Consumption of natural gas in the European Union dropped by a fifth in the months leading to winter compared to the same period over the previous five years, according to Eurostat.
During the summer, EU nations committed to voluntarily reducing their natural gas use by 15% between 1 August 2022 and 31 March 2023 in a bid to fill gas storage up before winter and ride out the cold season after Russia turned off the main gas pipeline to the bloc.
The target is based on a worst-case scenario calculated by the European Commission in which Russia totally cuts off gas supplies ahead of or during an unusually cold winter.
Most EU countries have been successful, data from Eurostat released on Tuesday show.
Eighteen countries overshot the target with consumption in Finland dropping by 52.7% across the August-November period compared with the average gas consumption for the same months between 2017 and 2021.
Latvia and Lithuania also operated +40% cuts.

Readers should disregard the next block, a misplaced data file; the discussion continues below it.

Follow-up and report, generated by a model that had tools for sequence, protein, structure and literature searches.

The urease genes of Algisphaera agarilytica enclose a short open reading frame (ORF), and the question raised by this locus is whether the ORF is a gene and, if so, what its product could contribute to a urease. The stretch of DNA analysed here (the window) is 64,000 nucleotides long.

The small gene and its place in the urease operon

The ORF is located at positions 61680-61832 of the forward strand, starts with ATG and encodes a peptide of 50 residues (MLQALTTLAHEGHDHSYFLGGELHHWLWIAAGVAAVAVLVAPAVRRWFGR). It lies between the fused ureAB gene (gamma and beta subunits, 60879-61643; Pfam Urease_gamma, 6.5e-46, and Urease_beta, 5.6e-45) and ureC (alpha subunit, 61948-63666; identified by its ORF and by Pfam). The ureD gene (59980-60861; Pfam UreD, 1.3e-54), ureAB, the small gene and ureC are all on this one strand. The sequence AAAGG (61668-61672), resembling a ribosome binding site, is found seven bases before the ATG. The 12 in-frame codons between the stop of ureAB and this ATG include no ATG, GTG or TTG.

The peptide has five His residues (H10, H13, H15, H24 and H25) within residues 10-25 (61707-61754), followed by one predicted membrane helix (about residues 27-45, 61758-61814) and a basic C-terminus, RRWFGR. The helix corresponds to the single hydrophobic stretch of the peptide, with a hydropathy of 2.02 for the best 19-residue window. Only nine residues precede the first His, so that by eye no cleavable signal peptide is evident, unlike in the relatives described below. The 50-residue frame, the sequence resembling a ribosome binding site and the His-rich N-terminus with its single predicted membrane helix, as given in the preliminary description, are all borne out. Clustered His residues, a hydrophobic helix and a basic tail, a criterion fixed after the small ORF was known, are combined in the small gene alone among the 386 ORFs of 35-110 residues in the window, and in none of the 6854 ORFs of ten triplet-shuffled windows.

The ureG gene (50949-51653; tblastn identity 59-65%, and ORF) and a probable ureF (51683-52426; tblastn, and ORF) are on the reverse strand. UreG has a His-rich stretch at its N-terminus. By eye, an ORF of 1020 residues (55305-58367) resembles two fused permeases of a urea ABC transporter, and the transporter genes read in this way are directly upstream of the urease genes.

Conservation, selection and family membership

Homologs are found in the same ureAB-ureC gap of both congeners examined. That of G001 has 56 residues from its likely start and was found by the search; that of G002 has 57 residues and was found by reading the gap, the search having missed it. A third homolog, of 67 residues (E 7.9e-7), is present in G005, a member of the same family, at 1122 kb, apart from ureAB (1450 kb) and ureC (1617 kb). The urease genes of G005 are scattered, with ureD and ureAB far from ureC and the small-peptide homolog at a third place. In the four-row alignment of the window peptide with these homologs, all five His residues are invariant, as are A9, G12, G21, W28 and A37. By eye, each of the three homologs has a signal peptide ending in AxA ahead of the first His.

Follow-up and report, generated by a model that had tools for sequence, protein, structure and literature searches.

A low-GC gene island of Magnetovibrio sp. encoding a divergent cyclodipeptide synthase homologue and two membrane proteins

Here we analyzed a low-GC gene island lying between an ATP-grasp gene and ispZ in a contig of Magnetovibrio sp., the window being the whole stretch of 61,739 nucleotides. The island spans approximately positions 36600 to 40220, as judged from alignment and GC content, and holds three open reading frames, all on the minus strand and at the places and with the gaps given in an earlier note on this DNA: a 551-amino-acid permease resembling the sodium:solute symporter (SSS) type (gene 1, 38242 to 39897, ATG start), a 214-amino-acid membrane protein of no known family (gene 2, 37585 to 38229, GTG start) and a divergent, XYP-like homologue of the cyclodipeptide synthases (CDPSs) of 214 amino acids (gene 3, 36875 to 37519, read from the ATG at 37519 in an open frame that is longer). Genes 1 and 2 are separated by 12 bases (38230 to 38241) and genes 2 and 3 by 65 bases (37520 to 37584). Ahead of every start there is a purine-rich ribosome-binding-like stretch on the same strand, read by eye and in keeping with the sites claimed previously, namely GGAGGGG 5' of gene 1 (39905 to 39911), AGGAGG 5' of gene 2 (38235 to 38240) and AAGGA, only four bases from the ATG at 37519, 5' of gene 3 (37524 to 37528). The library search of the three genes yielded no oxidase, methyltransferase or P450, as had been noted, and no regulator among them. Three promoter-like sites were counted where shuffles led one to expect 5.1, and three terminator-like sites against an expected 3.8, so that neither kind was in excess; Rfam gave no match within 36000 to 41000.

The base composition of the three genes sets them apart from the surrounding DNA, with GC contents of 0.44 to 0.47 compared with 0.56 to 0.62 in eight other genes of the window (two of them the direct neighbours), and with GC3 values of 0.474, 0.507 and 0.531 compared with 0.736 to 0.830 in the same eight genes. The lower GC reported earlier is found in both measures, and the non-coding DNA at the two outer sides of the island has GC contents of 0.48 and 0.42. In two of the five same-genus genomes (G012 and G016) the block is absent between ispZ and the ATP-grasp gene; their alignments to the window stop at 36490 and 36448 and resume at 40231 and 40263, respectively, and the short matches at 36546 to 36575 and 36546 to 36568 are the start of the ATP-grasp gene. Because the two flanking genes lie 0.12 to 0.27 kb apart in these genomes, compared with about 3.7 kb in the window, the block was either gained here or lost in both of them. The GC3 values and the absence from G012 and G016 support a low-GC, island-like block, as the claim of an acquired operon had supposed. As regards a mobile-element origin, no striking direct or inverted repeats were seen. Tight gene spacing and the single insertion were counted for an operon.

Six EU member states — Portugal, Czechia, Spain, Ireland, Slovakia, and Malta — failed to reach the target with the latter two actually increasing gas use by 2.6% and 7.1% respectively.
The savings were no doubt helped by a mild autumn.
But governments also set out energy reduction plans, urging people to keep heating at or below 19°C and air conditioning above the mid-20°C — gas is the EU’s leading source for heating and is also used for electricity production to varying degrees.
They also, wherever possible, switched to alternative fuels and postponed the phase-out of nuclear energy or closures of coal plants.
To tackle skyrocketing energy bills, the bloc has meanwhile approved several measures including a joint purchasing platform to leverage its market size and green-lighted a cap on gas prices on Monday.
The temporary cap, which will come into force in mid-February, is unlikely to alleviate pressure on EU citizens and businesses this winter but is instead aimed at ensuring the bloc can source the energy supplies it needs at affordable prices before the next winter season.